Computer-aided architectural design (CAAD) software
- See also: Computer-aided design (CAD)
programs are the repository of accurate and comprehensive records of buildings and are used by architects
and architectural companies.
The first program was installed back in the 1960’s, to help architects save time instead of drawing their blueprints
. Computer-aided design
also known as CAD
was originally the type of program that architects used, but since CAD couldn’t offer all the tools that architects needed to complete a project, CAAD developed as a distinct class of software
All CAD and CAAD systems employ a database
with geometric and other properties of objects; they all have some kind of graphic user interface
to manipulate a visual representation rather than the database; and they are all more or less concerned with assembling designs
from standard and non-standard pieces. Currently, the main distinction which causes one to speak of CAAD rather than CAD lies in the domain knowledge (architecture-specific objects, techniques, data, and process support) embedded in the system. A CAAD system differs from other CAD systems in two respects:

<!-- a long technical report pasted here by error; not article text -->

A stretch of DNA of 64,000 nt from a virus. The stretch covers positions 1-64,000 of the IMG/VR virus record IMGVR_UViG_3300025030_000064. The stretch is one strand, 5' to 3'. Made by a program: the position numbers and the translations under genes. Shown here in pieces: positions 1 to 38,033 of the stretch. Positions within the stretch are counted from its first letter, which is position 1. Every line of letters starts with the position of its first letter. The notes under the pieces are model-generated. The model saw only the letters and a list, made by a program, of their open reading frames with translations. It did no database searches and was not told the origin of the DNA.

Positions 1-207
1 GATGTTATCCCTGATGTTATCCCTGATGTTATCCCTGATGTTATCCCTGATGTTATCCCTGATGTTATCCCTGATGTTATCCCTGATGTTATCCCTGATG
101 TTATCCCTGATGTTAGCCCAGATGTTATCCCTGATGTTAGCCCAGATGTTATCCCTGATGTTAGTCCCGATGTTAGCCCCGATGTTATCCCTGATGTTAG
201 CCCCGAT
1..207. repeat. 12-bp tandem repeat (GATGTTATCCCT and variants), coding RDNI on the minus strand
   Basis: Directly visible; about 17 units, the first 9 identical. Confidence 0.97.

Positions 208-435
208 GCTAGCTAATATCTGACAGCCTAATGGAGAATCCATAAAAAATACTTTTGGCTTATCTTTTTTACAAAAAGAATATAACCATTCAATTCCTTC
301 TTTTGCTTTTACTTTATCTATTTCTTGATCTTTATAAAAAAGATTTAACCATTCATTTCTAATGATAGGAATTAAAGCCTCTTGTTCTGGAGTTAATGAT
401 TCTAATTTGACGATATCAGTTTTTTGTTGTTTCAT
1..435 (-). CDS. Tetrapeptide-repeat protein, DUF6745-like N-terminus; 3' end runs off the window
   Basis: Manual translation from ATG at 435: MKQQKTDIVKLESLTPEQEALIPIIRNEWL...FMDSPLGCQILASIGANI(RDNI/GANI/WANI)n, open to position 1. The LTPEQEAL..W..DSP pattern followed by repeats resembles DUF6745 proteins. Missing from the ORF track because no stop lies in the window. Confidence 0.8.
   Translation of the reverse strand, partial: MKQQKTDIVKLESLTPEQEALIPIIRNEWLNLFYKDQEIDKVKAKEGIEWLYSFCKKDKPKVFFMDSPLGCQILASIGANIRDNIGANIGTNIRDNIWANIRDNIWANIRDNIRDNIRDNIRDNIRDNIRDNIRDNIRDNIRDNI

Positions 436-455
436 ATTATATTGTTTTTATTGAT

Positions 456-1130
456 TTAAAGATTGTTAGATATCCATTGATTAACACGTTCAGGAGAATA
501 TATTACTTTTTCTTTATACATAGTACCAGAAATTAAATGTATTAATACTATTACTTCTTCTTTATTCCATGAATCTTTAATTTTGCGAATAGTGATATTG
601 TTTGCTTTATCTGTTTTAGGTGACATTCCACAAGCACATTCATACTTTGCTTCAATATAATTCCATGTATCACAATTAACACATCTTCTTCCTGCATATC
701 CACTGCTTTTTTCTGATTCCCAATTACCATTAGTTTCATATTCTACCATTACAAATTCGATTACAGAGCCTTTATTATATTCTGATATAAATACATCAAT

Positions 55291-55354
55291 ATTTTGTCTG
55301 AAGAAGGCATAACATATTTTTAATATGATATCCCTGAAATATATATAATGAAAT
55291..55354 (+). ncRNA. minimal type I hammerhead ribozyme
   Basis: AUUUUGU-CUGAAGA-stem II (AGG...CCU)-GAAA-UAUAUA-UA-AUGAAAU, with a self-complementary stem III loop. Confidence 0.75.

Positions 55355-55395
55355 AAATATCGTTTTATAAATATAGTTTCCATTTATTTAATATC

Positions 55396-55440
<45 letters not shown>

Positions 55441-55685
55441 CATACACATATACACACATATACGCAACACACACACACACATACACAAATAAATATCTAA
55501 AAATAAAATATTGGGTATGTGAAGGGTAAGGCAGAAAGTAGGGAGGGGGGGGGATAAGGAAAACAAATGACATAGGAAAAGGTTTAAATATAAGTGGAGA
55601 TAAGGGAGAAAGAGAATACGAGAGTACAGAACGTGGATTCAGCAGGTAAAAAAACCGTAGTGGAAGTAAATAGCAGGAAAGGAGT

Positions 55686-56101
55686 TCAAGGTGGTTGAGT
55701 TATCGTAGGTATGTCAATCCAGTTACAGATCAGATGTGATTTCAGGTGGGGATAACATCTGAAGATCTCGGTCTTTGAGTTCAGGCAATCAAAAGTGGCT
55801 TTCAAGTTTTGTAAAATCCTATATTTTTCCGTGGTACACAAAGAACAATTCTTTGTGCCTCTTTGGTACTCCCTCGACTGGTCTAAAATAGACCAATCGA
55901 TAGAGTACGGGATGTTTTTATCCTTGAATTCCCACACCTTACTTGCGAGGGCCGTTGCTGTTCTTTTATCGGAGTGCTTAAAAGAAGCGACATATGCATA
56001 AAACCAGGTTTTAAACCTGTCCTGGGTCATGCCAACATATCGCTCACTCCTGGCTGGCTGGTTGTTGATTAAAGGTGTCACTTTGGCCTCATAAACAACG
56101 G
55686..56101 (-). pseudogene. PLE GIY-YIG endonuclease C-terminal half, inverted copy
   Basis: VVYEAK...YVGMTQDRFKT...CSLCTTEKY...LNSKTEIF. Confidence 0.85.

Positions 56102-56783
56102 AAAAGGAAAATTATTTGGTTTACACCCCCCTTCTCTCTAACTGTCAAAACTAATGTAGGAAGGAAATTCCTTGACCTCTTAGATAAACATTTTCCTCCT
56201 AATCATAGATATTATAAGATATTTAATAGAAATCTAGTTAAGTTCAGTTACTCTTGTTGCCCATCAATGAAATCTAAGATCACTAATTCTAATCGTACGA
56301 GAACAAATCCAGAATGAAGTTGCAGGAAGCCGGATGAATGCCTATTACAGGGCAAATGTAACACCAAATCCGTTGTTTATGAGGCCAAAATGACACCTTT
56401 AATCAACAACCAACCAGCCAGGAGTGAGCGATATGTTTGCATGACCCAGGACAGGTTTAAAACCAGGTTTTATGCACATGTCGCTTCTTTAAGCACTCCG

- It has an explicit object database of building parts and construction knowledge.
- It explicitly supports the creation of architectural objects.
In a more general sense, CAAD also refers to the use of any computational technique in the field of architectural design other than by means of architecture-specific software. For... Read More